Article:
Tag Archives: technology

Going paperless hurt

I am a big fan of technology and I’m generally very excited about the possibilities of what our ever-growing technology can bring us or do for us. Yes, even though I still don’t own a cellphone, I’m a fan of them (except for when the bozos who use them while driving—I can’t count on my fingers and toes the number of times I’ve had a near collision only to find the opposite driver busy talking on the phone—or texting. But, this is not the phone’s fault, but the idiot user—just the same way it isn’t a gun that kills people, but the idiot users). I don’t own a cellphone because I don’t want one, not because I don’t think they’re cool because I do! Heck, I remember the first ones that came out and looked like Captain Kirk’s communicator. That was cool! No, I don’t want one because I don’t generally want to feel attached to the feed at all times…I like to disconnect some.

But the ever increasing digital age brings with it some growing pains. For instance, my family in general has always tried to recycle as best we can. No, we’re not trailblazers nor are we leading the way, but we try to participate. Recycling digital, however, isn’t quite as easy. I don’t know if this is true or not, but I’ve heard someone say that the old monitors have to be taken “in” and not simply discarded. I know that’s not gonna happen—mine find their way to the trash can.

But I don’t mean this to be about being green. I wanted to talk about what it means for me as a writer. I always kept copies of my work printed. If I write a new draft of something, the old one gets recycled—either as the backside for something new in the printer or into the paper recycling. I mean, I have a copy of all my written work printed out, but I don’t have all the multiple drafts. I have a “first” draft, and then a “last” draft (which, of course, is the one that gets recycled whenever I revise).

The problem with composing digitally the way I do now is there is no progression. I click “save” and the new version replaces the old. I don’t have an old draft to refer to if I’ve accidently deleted a scene (this is why I started keeping a “first” draft of my work). Something that came up with my mentor Rachel Harper during my MFA was she wanted to see a copy of my plot. The problem I had was that I’d written out a rough plot for each chapter (like I’ve always done with comics)…HOWEVER, I composed on that digital file and as the chapters were completed, the “plot outline” part of it was deleted. So the file was essentially the complete text (or first draft) up to my current spot…followed by a plot outline. Because of this, I couldn’t supply her with a plot outline for the chapters already composed.

I blame this on the digital revolution, of course.

Thanks to Rachel’s encouragement, I’ve now shifted to creating different computer files for the different tasks; meaning I have now a file that reads “plot” or “outline” or some such and another file that reads “title” of the project.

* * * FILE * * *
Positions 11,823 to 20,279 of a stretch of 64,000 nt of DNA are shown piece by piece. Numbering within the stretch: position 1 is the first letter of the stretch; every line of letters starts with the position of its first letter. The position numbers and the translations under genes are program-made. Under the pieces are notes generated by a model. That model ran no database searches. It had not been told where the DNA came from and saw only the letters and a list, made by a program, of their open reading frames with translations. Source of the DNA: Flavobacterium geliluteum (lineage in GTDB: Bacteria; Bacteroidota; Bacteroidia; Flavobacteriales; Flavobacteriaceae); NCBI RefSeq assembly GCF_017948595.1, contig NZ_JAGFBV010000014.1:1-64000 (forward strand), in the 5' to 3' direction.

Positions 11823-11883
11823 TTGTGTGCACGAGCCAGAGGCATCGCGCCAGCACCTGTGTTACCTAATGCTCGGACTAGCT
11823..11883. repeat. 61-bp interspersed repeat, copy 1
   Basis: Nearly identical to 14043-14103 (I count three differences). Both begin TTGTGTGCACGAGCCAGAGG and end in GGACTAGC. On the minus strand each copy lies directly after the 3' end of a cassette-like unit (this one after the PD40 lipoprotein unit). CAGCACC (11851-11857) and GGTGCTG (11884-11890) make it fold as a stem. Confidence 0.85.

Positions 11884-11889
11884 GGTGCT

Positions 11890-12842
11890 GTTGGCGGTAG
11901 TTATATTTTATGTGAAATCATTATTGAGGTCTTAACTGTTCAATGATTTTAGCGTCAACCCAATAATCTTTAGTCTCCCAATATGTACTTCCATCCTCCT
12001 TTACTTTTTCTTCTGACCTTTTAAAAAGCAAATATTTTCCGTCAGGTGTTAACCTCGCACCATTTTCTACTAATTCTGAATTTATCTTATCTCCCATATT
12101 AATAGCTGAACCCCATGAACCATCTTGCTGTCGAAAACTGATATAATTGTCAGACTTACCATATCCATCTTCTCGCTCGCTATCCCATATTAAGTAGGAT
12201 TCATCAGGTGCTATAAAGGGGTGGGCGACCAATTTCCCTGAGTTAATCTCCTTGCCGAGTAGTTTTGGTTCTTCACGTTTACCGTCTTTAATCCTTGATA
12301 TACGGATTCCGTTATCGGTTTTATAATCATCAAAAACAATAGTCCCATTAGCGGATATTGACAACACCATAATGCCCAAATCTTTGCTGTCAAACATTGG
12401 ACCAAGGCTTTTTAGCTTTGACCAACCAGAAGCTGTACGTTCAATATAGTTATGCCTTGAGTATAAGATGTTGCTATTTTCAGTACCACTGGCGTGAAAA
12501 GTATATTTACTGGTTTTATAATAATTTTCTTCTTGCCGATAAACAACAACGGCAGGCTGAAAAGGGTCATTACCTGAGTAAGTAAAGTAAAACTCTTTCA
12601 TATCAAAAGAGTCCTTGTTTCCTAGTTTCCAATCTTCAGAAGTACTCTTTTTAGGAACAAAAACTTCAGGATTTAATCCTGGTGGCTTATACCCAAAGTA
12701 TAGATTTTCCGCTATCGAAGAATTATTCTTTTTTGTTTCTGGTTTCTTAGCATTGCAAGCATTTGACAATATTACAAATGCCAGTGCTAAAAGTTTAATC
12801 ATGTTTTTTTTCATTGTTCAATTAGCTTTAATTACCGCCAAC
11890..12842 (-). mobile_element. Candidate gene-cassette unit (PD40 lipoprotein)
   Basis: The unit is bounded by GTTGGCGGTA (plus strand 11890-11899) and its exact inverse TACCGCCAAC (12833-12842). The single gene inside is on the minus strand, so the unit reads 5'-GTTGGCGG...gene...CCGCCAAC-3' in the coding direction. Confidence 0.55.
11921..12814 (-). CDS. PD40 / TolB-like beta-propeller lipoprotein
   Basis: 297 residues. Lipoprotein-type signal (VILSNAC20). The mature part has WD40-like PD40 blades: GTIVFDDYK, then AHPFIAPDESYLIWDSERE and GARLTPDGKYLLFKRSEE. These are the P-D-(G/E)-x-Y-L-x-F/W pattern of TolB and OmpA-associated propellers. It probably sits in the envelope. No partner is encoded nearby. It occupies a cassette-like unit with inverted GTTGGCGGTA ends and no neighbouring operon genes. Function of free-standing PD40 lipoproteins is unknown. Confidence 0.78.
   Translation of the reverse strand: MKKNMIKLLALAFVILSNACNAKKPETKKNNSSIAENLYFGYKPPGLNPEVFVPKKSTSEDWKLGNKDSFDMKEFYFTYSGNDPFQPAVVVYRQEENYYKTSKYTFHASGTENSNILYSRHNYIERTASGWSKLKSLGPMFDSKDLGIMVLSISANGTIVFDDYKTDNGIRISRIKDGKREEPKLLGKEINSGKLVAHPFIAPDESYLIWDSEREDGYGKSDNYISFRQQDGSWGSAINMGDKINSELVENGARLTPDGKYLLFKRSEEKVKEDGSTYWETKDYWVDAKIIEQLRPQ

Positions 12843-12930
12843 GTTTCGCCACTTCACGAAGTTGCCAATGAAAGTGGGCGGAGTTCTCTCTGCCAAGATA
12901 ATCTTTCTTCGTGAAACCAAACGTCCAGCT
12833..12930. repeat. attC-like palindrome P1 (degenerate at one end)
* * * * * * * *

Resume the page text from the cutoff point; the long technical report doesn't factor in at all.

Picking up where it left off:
Like all changes, some of them hurt…we just have to adapt and go with it.

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Technology ever changing (us)

Sometimes it’s tough to make the switchover to technology. When I first started writing, I handwrote everyone on looseleaf notebook paper. In junior high, I even drew my comics on lined notebook paper, some of the pages ripped right out of a spiral binder. In senior high, I learned to use the typewriter, but we didn’t have an electric one at home like the school had—we had an old manual typewriter and those things were hard to use!

As a senior, however, I got a Commodore 64 and learned the ways of word processing. Actually, I got it because I thought I’d need it in college (I did) and it was either that or an electric typewriter. Back then, the hot thing was electric typewriters with “memory.” Ha

I used a dot matrix printer with my C-64 and printed everything out. I had files and files and files of stuff.


See that’s part of the problem with ever increasing technology, it becomes incompatible with the old technology. So I’ve got stacks of short stories and some comic scripts on paper only. I mean, it’d take time to RETYPE them JUST to have them on my computer. (Once after an upgrade, my Mom graciously typed several of my stories in for me. I’m her favorite son!)

Dad always laughs at how his parents used to struggle with the VCR. Now, he laughs at himself as he watches Angie and I rearrange his computer settings and watches Brittany teach my Mom things about the cellphone…a phone which Brittany has only had since Christmas!

But I often wonder what I should do with the stacks and stacks of paper I have. It would sure save me some filing cabinet space if I could find a way to get rid of it. Admittedly, much of it I hold on to for sentimental reasons. Some of it I hold on to it pack-rat-style thinking “Oh! I’ll use this idea some day in a story. I’d better keep it!”

I organize my computer files in much the same way I organize my paper files, though. I have one “big” writing folder…then in that folder are several sub-folders of the different kinds of writing I do. I even have one labeled “ideas and such.” I’ve tried to go through my hand-written “idea” folder and put them all in my computer folder, but for some reason it just isn’t the same opening all the idea files as it is flipping through a folder full of post-its, ripped pages, and napkins with ideas written on them.

Makes me wonder what sort of technology my kids will be laughing at me and BJ about?


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